Two-dimensional, "sheet-like" nanostructures are commonly employed in biological systems such as cell membranes, and their unique properties have inspired interest in materials such as graphene. Now, Berkeley Lab scientists have made the largest two-dimensional polymer crystal self-assembled in water to date. This entirely new material mirrors the structural complexity of biological systems with the durable architecture needed for membranes or integration into functional devices.
These self-assembling sheets are made of peptoids, engineered polymers that can flex and fold like proteins while maintaining the robustness of manmade materials. Each sheet is just two molecules thick yet hundreds of square micrometers in area—akin to 'molecular paper' large enough to be visible to the naked eye. What's more, unlike a typical polymer, each building block in a peptoid nanosheet is encoded with structural 'marching orders'—suggesting its properties can be precisely tailored to an application. For example, these nanosheets could be used to control the flow of molecules, or serve as a platform for chemical and biological detection.
"Our findings bridge the gap between natural biopolymers and their synthetic counterparts, which is a fundamental problem in nanoscience," said Ronald Zuckermann, Director of the Biological Nanostructures Facility at the Molecular Foundry. "We can now translate fundamental sequence information from proteins to a non-natural polymer, which results in a robust synthetic nanomaterial with an atomically-defined structure."
The building blocks for peptoid polymers are cheap, readily available and generate a high yield of product, providing a huge advantage over other synthesis techniques. Zuckermann, instrumental in developing the Foundry's one-of-a-kind robotic synthesis capabilities, worked with his team of coauthors to form libraries of peptoid materials. After screening many candidates, the team landed upon the unique combination of polymer building blocks that spontaneously formed peptoid nanosheets in water.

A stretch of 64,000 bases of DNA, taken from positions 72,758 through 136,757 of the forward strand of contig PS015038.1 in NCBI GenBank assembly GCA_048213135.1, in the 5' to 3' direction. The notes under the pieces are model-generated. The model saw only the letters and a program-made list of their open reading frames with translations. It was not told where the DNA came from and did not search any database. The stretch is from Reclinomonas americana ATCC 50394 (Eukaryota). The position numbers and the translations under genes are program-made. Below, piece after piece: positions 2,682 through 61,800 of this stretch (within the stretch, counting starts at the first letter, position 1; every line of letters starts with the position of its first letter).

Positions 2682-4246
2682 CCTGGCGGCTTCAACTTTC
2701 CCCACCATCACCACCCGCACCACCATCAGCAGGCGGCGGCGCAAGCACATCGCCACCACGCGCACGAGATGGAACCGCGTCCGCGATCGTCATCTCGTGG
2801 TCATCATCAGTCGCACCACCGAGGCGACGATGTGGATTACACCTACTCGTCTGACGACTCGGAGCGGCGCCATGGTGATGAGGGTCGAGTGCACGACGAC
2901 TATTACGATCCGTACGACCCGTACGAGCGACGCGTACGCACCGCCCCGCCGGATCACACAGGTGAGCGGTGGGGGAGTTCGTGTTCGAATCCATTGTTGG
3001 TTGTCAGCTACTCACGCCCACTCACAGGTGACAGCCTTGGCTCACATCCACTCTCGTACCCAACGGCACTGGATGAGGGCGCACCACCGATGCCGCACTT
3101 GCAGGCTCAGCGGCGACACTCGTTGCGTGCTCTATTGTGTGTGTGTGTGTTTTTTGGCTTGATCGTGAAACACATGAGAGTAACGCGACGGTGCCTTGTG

Zuckermann and coauthor Christian Kisielowski reached another first by using the TEAM 0.5 microscope at the National Center for Electron Microscopy (NCEM) to observe individual polymer chains within the peptoid material, confirming the precise ordering of these chains into sheets and their unprecedented stability while being bombarded with electrons during imaging.
"The design of nature-inspired, functional polymers that can be assembled into membranes of large lateral dimensions marks a new chapter for materials synthesis with direct impact on Berkeley Lab's strategically relevant initiatives such as the Helios project or Carbon Cycle 2.0," said NCEM's Kisielowski. "The scientific possibilities that come with this achievement challenge our imagination, and will also help move electron microscopy toward direct imaging of soft materials."
"This new material is a remarkable example of molecular biomimicry on many levels, and will no doubt lead to many applications in device fabrication, nanoscale synthesis and imaging," Zuckermann added.
Scientists have for the first time reengineered a building block of a geometric nanocompartment that occurs naturally in bacteria. They introduced a metal binding site to its shell that will allow electrons to be transferred to and from the compartment. This provides an entirely new functio ... more
Graphene, a material consisting of a single layer of carbon atoms, has been touted as the strongest material known to exist, 200 times stronger than steel, lighter than paper, and with extraordinary mechanical and electrical properties. But can it live up to its promise?
Scientists at the U ... more
California is committed to 33 percent energy from renewable resources by 2020. With that deadline fast approaching, researchers across the state are busy exploring options. Solar energy is attractive but for widespread adoption, it requires transformation into a storable form. Researchers r ... more
Just as proteins are one of the basic building blocks of biology, nanoparticles can serve as the basic building blocks for next generation materials. In keeping with this parallel between biology and nanotechnology, a proven technique for determining the three dimensional structures of indi ... more
A new technique pioneered at the U.S. Department of Energy's Brookhaven National Laboratory reveals atomic-scale changes during catalytic reactions in real time and under real operating conditions.
A team of scientists used a newly developed reaction chamber to combine x-ray absorption spec ... more
Scientists at the Critical Materials Institute have developed a two-step recovery process that makes recycling rare-earth metals easier and more cost-effective. Rare-earth metals are valuable ingredients in a variety of modern technologies and are found in cell phones, hard disk drives in c ... more